The absurdities of this doctrine are endless. He, who knows any thing of the nature of savages, knows perfectly, that no savage was ever capable of forming such a design ; and that civilized life is indispensably necessary to the very pereeption of the things pre-supposed by this doctrine, and absolutely pre-requisite to the very existence of such an assembly. Every one acquainted at all with savages knows equally well that, if they were capable of all this comprehension, nothing short of omnipotence could persuade them to embrace such a scheme of conduct. There is nothing which a savage bates more than the restraints of civilized life ; nothing which he despises more than the civilized character, its refinements, its improvements, nay, its very enjoyments. To have formed such an assembly, or even to have proposed such a system, men must have already been long governed and civilized.
At the same time, there is no fact more clearly evinced by the history of man, than that such a compact never existed. This even the abettors of it are obliged to confess; and this cuts up the doctrine by the roots. For, if the social compact was not a fact, it is nothing.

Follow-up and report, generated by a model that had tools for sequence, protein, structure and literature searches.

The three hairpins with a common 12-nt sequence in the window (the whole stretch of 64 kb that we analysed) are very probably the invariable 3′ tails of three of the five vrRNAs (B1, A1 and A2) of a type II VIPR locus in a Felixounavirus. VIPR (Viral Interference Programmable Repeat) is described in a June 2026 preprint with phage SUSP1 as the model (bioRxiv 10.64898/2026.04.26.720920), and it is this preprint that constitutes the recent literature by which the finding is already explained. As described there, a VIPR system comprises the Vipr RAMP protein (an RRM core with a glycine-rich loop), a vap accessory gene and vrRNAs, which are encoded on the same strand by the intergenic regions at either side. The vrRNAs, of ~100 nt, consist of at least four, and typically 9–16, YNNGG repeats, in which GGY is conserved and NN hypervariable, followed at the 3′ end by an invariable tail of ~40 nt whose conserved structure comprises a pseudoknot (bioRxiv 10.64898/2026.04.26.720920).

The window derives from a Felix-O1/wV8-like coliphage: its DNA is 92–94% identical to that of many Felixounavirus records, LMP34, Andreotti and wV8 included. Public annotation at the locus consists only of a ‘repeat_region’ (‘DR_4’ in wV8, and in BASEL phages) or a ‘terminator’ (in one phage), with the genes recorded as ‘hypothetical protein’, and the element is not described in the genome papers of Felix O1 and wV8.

But it is alleged, that, although this compact was never an express one, it may still be fairly considered as a tacit and implied compact. To the very existence of a compact it is indispensable that the contracting party should be conscious that the subject of the compact is proposed to him for his deliberation, choice, and consent; and that he does actually deliberate, choose, and consent. But there is not even the shadow of a pretence, that any man, considering himself as being in a state of nature, and subject to no civil government, was ever conscious of being invited to become a party to such a compact, and of having this question ever proposed to him for such deliberation, or such consent. There is, there
fore, as little foundation for the supposition of a tacit, as for that of an express, social compact.
It is further alleged, that this scheme, although confessedly imaginary, may yet be advantageously employed 'to illustrate the nature of civil government. In answer to this allegation, I shall only observe, that the philosopher who believes falsehood to be necessary or useful to the illustration of truth, must be very hardly driven by his own weakness, or by the erroneousness of his system,
If it were indeed true, that government is thus founded, then these fatal consequences would follow :